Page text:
Why few people know Tharaka Nithi’s seat of power that is a little more than a market centre

xmjeebobgripw2cjkx5901788456d8f Why few people know Tharaka Nithi’s seat of power that is a little more than a market centre

Kathwana, a heat-soaked market centre ensconced between two rivers on the lower slopes of Mount Kenya, first came to prominence in 1984 when retired President Daniel arap Moi constructed gabions there in the first such national exercise. Rivers Maara and Mutonga, both tributaries of the mighty Tana, flow five kilometres just apart, yet Kathwana is still without a reliable water supply.

The historic gabions are no more, thanks to neglect and unchecked vandalism in an area where the government was virtually absent before devolution.

But the torrid market centre where dust and heat reign supreme in the dearth of public utilities like toilets has shown signs of growth, more so after it became the Tharaka Nithi County headquarters because of its central location. A government prison today straddles the presidential gabions site that was a tourist attraction until they disappeared.

Not far from the prison (the facility is about 100 metres away) is the newly tarmacked Mate Road to Meru and Marimanti running past the market centre as though avoiding it for its remoteness.

The most conspicuous sign of modernity is the three-floor Summerton Hotel owned by the Governor Samuel Ragwa. A room there goes for Sh2,500 per night inclusive of breakfast, a cost well beyond the reach of ordinary folks. Rooms elsewhere in Kathwana where butcheries dot every corner are in the range of Sh500 with water provided in jerricans.

“It was no easy decision building the hotel at Kathwana, but my wife and I settled for the general good and not economic because as you can see, there is no economy to talk about. We had initially toyed with the idea of building the hotel in Meru Town where we own a plot and the economic atmosphere is healthier,” said Ragwa.

He said the hotel offers quality accommodation for visitors to Kathwana and tourists on transit to the Meru National Park yonder: “I built it early in 2013 to forestall speculation that I had used public funds and to have it double up as my office where decent accommodation for hire was a pipe dream. It comes in handy as my accommodation whenever I decide to stay around instead of commuting home 30 kilometres away.”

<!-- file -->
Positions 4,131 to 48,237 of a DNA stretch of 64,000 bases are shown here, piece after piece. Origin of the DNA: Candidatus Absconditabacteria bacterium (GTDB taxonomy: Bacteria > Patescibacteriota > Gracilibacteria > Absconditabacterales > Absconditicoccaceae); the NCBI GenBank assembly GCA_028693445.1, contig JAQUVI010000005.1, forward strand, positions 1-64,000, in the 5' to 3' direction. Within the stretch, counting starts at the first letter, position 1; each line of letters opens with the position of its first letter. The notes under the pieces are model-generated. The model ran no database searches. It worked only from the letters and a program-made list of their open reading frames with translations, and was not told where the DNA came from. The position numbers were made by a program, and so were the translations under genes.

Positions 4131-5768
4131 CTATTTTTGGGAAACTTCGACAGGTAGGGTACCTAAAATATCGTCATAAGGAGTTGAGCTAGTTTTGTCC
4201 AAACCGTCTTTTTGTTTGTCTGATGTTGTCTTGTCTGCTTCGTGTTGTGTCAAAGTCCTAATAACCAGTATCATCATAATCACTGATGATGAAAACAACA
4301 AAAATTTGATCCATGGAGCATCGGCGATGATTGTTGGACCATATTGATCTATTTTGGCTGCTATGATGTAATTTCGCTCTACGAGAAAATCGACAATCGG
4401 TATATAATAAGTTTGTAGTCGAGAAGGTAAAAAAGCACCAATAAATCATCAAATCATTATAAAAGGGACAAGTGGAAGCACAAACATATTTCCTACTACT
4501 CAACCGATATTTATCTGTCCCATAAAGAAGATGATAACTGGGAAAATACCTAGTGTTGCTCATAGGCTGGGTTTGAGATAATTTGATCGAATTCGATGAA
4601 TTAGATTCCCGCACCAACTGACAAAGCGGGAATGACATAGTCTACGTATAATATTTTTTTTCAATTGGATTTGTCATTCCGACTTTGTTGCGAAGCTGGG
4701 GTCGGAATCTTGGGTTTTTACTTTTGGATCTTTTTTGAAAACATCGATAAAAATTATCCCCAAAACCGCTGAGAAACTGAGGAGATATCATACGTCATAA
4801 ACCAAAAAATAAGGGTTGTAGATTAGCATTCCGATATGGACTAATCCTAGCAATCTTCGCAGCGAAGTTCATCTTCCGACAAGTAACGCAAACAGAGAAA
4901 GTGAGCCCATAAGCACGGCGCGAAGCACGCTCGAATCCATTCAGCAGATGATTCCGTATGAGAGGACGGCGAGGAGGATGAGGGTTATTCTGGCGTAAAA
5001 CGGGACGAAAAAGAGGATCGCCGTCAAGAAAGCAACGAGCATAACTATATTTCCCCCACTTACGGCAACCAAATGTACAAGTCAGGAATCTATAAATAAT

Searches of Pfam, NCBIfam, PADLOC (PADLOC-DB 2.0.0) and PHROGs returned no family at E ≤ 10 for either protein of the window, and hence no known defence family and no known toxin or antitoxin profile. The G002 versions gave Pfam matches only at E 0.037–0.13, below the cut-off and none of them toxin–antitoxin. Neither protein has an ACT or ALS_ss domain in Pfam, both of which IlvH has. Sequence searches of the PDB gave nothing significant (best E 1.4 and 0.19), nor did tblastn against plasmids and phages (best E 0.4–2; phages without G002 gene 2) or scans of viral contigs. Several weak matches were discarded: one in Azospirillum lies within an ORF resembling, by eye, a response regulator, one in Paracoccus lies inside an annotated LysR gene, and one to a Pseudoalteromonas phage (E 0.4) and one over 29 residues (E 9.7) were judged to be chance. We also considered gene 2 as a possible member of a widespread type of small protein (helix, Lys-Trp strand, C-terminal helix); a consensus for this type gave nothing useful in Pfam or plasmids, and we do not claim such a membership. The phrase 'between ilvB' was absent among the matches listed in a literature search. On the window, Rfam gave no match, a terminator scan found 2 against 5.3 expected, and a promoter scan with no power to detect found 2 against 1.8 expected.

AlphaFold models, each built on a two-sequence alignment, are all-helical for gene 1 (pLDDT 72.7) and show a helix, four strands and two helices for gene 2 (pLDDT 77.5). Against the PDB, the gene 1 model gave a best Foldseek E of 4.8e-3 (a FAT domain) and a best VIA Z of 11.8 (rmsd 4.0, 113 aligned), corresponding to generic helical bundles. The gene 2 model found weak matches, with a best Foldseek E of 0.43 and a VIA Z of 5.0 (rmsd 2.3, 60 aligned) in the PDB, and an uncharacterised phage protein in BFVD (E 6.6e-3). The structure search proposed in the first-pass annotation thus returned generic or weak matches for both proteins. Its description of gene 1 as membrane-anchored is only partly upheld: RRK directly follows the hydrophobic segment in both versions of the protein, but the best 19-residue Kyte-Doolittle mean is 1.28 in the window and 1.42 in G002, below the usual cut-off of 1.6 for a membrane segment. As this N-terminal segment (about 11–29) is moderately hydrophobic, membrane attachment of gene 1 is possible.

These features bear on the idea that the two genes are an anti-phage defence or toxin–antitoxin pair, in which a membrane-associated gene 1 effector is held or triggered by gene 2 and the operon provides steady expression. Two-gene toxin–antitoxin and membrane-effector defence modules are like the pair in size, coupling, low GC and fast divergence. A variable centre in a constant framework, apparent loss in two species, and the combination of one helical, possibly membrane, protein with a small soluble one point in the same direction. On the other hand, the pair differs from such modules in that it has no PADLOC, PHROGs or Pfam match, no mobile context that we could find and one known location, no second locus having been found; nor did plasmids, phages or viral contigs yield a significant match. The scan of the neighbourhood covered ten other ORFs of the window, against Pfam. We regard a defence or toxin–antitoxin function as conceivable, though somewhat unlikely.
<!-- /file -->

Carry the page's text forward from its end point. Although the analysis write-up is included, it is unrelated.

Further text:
Ragwa said infrastructure in Kathwana has improved since 2013 with tarmac road connection, three phase electricity from the national grid and reliable mobile phone network, making the area conducive for investment.

“Kathwana would be more vibrant with more job opportunities if government officers, including those of county and police commissioners moved here from Chuka where they have stuck to this day,” he said.

He said the government seems to have a hand in it for being slow in its recognition of the new county headquarters as demonstrated by the Deputy President William Ruto last November when he publicly referred to Chuka as Tharaka Nithi County headquarters while announcing that the national government had allocated Sh300 million for the tarmacking of roads in the town, a remark that provoked demonstrations in Kathwana.

“Even with President Uhuru Kenyatta’s acknowledgement three months ago that Kathwana was the official headquarters of Tharaka Nithi County, money for the construction of the headquarters is yet to be released,” he said.

If built to completion, the new county headquarters in its rudimentary stages will be the most imposing building in Kathwana, a centre that draws its name from the hardwood Muthwana tree once ubiquitous in the area.

An artist’s impression of the struggling project estimated to cost Sh350 million exhibits a magnificent five-floor edifice in the jungle with provisions for conference halls, banking facilities and other services besides offices for most county government departments.

Also on the blocks, according to Ragwa, is an assembly complex to cost about Sh90 million.

The lofty projects that have stunted in growth due to a lethargic flow of funds from the national government, according to the governor, are unfolding against a backdrop defined by the absence of basic provisions that attract investment.

Kathwana is probably the only county headquarters without a police station and in an area nudging bandit territory. Security is in the hands of four bored administration police officers stationed at a chief’s camp and to some degree, prison warders.

There is no residential estate and a dire shortage of residential houses prompts most county workers to seek accommodation in Chuka, 23 kilometres away.

The county headquarters has no health facility and people seeking medical attention have to travel all the way to Chuka or Ishiara in neighbouring Embu County.

Even with the prison that ironically carries the name Chuka, offenders are tried at Chuka where a law court was built after former Chief Justice Willy Mutunga granted it.

“The same happened with Huduma Centre and county stadium that were built in Chuka after we allocated land for them in Kathwana,” said Ragwa.

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